If the economy is the coalition’s trump card, then they seem to be taking a long time to play it.

Since the beginning of the year the government has preferred instead to try all of its old tricks. Just as a drowning man is supposed to see his life flash before his eyes, so have we seen this year Howard revive every tactic used over the life of the government; Iraq, character, illegal refugees, moral values, even education (remember that?), the Budget contribution from that political maestro Peter Costello. Rather than being the trump card, the economy looks like the last card after all the others have been played.

This is not surprising given where the phrase “the economy, stupid” came from. James Carville was supposed to have pinned it up in Clinton’s campaign room in the 1992 US election. Recall what a highly unusual election this was. It was the first election after the end of the Cold War, which had provided the backdrop for US politics for almost half a century. Its end had removed a framework for conducting political debate, that extended beyond just geopolitics. Remember that Clinton, even before the election, had already torn up the political rule book in the Democratic primary with him surviving his exposure as a draft-dodging adulterer. Indeed it was the media writing him off too quickly, because they could not grasp how the old rules had been thrown away, that gave Clinton his moniker of the ‘Comeback Kid’. Carville was basically reminding Clinton that they were fighting an election in a vacuum, where the old political values were irrelevant. There was no point in getting caught up in any issue other than the basic one of jobs and living standards.

There were arguably only two US elections where this applied; 1992 and 1996. By 2000, the lack of a values had started to be of concern, seen in the reaction to the Lewinksy scandal. In Australia, this craving for a framework for conducting political relations was also starting to be exploited by Howard, especially in the Tampa affair in 2001. The gap was finally filled with the collapse of the Twin Towers in New York.

The War against Terror has provided Howard his framework for winning ever since. The 2004 election may have come down to interest rates at the end, but only because Howard had already won the issue of trust on national security and the US alliance. In this election, however, the War on Terror is not working and now the coalition appears to have nothing left but the economy.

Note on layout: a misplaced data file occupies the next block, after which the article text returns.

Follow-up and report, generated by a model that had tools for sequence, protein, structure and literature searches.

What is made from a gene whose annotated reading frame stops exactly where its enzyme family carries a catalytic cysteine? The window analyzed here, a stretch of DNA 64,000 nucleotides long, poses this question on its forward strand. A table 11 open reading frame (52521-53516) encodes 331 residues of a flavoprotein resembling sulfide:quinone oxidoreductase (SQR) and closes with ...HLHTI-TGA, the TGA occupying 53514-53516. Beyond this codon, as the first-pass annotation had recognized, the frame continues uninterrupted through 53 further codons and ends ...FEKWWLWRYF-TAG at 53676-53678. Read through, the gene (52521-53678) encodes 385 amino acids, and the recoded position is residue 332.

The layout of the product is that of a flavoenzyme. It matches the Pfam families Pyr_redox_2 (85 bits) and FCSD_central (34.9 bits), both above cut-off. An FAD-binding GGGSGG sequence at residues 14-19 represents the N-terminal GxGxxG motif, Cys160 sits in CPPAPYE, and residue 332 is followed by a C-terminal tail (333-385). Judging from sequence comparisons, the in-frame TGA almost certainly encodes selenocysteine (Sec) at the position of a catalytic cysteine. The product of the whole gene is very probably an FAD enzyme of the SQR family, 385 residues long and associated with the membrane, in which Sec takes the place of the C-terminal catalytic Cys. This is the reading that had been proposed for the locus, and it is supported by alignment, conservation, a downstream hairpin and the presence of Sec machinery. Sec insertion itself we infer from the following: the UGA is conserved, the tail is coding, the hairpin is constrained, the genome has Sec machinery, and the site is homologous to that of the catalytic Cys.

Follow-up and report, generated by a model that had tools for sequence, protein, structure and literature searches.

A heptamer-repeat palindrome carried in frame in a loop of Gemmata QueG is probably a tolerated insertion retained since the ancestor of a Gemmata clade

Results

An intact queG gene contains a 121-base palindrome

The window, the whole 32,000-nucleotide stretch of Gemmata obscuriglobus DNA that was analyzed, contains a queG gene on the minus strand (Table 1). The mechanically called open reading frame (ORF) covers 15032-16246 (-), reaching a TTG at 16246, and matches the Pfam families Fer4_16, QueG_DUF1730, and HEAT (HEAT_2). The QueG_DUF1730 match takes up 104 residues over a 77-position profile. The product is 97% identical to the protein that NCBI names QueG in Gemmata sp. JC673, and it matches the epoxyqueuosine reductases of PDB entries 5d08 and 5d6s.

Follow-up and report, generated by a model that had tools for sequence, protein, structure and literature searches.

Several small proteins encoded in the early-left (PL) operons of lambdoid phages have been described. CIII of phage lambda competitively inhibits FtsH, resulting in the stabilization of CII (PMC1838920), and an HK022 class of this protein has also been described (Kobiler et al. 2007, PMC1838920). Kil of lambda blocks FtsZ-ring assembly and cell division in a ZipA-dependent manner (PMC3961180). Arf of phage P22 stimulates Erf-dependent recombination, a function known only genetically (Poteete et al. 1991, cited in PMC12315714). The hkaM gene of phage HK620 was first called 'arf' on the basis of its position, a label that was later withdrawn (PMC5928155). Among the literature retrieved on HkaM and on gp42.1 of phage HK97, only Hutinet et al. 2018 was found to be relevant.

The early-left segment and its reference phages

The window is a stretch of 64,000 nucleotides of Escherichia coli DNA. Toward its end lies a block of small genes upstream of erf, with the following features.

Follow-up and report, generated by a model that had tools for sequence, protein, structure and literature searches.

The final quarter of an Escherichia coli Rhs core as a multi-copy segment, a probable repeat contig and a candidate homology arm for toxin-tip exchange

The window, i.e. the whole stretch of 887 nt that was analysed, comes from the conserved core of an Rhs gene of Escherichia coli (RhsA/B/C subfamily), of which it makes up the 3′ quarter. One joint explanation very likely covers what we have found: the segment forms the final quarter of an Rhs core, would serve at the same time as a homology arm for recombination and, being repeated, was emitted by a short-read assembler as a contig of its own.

The trouble is, the economy is no longer a political issue. As Keating so eloquently said the other night, most economic decisions have been taken out of government hands. This is because the one real economic political issue, industrial relations, was wound up by Keating himself. Howard’s attempt to make the economy political through Workchoices is unconvincing even to his supporters.

There is only one real issue in this election, the fight for ownership of the international agenda which is now shifting from the War on Terror to climate change. Howard has constantly lagged this change-over, unsurprising given how the old agenda saved his government. He is now trying to reduce the political significance of the new climate change agenda by turning it into an economic issue. In this blog’s view, it will probably not work. It misses climate change’s significance as the new orthodoxy of global politics. It might only work if the US can also push economic pragmatism onto the global agenda. However, by the look of Bush trying to keep in step with the European leaders in the Rostock photo-op, and the language now being used by his potential successors in both the Republican and Democratic sides, it looks unlikely.

Posted by The Piping Shrike on Sunday, 10 June 2007.

Filed under International relations

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